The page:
This pressure intensified as modernity progressed, and Johnson notes a further shift that occurred with Schleiermacher, who argued that theologians should “demonstrate that the church’s practices are a ‘necessary element for the development of the human spirit,’” and that they should employ a genuinely deliberative character in their work (30, citing Schleiermacher, Brief Outline of Theology as a Field of Study, 10-11, 97). Theologians must now be scholars in addition to saints, and their work was not simply for the church but for the welfare of the modern state, and so they were accountable not only to the church but also to the university. The best theologians had always engaged other disciplines, seeking to draw them into the intellectual framework of Christian faith. Now the direction of engagement shifted: “Theologians interacted with these same disciplines not in order to reframe them in light of their faith but to secure theology’s place in the academy alongside every other discipline” (31).

Formerly, theologians had pursued theological training in order to acquire knowledge, habits and skills that would shape them into the pattern of Jesus Christ for the sake of their service to the church. … Now, with the discipline of theology housed primarily in the university, the primary goal of theological education was to provide students with the technical skills they needed to perform responsible critical enquiry so that the church’s faith and practice could be brought in line with the standards of critical reason (31-32).

Thus Johnson proposes that theology begin with its own distinctive confession—the lordship of Jesus Christ according to Romans 10:9—and work itself out from there in accordance with its own rationality and in dialogue with other disciplines. In Johnson’s view theology must be both faithful and academic; to require a division between these is to misunderstand the nature and practice of theological inquiry. The remainder of the book is his attempt to view the discipline in this light.

Why Study the Biblical Languages?

MelanchthonIn her The Roots of the Reformation Gillian Evans devoted many pages detailing the recovery of the biblical languages by the Renaissance and Christian humanists which played a decisive role in the Reformation. Pico della Mirandola (1463-1494) claimed that Hebraei bibunt fontem, Graeci rivos, Latini paludes—“the Hebrews drank from the spring, the Greeks from a river, the Latins from a swamp” (Evans, Roots, 264).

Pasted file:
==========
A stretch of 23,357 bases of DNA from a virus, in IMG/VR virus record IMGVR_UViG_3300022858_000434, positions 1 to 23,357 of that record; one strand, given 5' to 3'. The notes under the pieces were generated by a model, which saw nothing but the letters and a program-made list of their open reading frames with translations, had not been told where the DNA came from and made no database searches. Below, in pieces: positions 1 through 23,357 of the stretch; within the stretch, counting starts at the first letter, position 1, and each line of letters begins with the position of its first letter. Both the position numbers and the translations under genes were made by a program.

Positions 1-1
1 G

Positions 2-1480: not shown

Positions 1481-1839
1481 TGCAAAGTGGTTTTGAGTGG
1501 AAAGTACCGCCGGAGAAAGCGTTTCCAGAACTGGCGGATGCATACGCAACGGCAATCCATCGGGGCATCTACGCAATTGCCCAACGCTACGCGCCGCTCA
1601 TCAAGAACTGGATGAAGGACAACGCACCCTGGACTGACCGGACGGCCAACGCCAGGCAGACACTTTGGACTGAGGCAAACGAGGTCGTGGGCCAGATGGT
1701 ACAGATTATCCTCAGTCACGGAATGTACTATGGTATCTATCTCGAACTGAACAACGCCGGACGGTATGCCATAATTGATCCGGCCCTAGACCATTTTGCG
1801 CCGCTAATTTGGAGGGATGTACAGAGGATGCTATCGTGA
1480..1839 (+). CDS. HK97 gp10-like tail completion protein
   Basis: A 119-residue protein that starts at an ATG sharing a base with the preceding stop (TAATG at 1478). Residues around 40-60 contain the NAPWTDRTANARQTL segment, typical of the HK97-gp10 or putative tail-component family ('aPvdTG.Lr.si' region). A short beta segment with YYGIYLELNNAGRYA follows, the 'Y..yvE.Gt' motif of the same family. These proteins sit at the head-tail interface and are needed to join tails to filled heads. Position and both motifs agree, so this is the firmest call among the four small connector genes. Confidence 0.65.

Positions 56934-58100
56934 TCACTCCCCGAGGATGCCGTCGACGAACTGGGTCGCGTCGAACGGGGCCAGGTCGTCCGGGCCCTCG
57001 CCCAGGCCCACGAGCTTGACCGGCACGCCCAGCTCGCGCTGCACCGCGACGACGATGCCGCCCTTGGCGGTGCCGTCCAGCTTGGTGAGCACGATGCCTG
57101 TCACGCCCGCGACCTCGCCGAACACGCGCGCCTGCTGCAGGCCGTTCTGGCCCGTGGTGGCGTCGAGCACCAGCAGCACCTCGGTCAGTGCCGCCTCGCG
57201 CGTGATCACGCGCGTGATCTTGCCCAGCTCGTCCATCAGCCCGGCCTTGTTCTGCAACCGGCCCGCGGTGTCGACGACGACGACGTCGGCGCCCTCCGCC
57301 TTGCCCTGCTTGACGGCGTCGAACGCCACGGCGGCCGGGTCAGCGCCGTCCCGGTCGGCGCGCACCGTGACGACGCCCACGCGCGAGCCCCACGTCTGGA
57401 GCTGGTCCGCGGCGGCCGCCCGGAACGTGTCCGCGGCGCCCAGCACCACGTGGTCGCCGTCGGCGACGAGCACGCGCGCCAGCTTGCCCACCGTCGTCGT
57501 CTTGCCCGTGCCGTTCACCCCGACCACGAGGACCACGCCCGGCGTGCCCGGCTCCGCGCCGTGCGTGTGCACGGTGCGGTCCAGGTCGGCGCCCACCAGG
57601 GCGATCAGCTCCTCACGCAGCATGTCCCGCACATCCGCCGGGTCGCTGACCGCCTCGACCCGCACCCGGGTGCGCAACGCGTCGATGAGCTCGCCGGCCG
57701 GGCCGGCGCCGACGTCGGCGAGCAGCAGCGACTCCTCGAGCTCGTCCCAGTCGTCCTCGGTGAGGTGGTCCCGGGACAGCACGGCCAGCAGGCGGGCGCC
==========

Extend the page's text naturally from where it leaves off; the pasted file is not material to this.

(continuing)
For a thousand years Western Christianity had relied on the Latin Vulgate and the numerous commentaries and glosses that had arisen around that translation. Copyist errors, traditional and philosophical interpretations, and certain translational decisions by Jerome in the fourth century all muddied the waters of biblical interpretation. Hence the humanist and Reformation cry, Ad fontes!—“Back to the sources!”

One of the Reformers, Philipp Melanchthon insisted that learning the biblical languages was essential:

Led by the Holy Spirit, but accompanied by humanist studies, one should proceed to theology . . . but since the Bible is written in part in Hebrew and in part in Greek—as Latinists we drink from the stream of both—we must learn these languages, unless we want to be “silent persons” (Evans, 264).

john1118greekwordle

Likewise Martin Luther, according to biographer Scott Hendrix:

Erasmus need not have worried that Protestant reformers would destroy good scholarship. All the leading reformers were trained in the classics and most had earned advanced degrees. They had no intention of abolishing the study of Greek, Hebrew, and Latin, since the knowledge of those languages helped to make the reformation possible. Writing to a familiar supporter in 1523 Luther emphasized that point:

“Do not worry that we Germans are becoming more barbarous than ever before or that our theology causes a decline in learning. Certain people are often afraid when there is nothing to fear. I am convinced that without humanist studies untainted theology cannot exist, and that has proven true. When humanist studies declined and lay prostrate, theology was also neglected and lay in ruin. There has never been a great revelation of God’s word unless God has first prepared the way by the rise and flourishing of languages and learning, as if these were the forerunners of theology as John the Baptist was for Christ” (Hendrix, Martin Luther: Visionary Reformer, 169).

Luther’s final sentence is well worth considering. I have often repeated to my students a comment my former Greek professor made to me: “If you can learn to read the Scriptures in the original languages you will gain 20-25% additional insight into the text.”

Nicholas Wolterstorff & Wesley Hill on Same-Sex Marriage

wolterstorffA few weeks ago Nicholas Wolterstorff, a renowned Christian philosopher, publicly affirmed same-sex marriage in an address delivered at a Christian Reformed Church. According to a report of the lecture, Wolterstorff approached his subject by recounting how his own mind had changed:

Wolterstorff opened by acknowledging that he is not an authority on the matter, and as such, would present a narrative of his own journey to an affirming stance on same-sex marriage in the church.

It was through relatives, students and former students who were gay, as well as people in committed, same-sex relationships, that Wolterstorff was drawn to more closely consider the traditional views he’d grown up believing.

“I’ve listened to these people. To their agony. To their feelings of exclusion and oppression. To their longings. To their expressions of love. To their commitments. To their faith. So listening has changed me.”

Many Christians will resonate with Wolterstorff’s experience: they, too, have known and loved gay people, heard their stories, shared something of their struggles and longings, and hoped for something different. Still, as I read the account of his lecture, I was not convinced that Wolterstorff was dealing faithfully with the biblical texts he was citing—somewhat surprising for a Reformed Christian.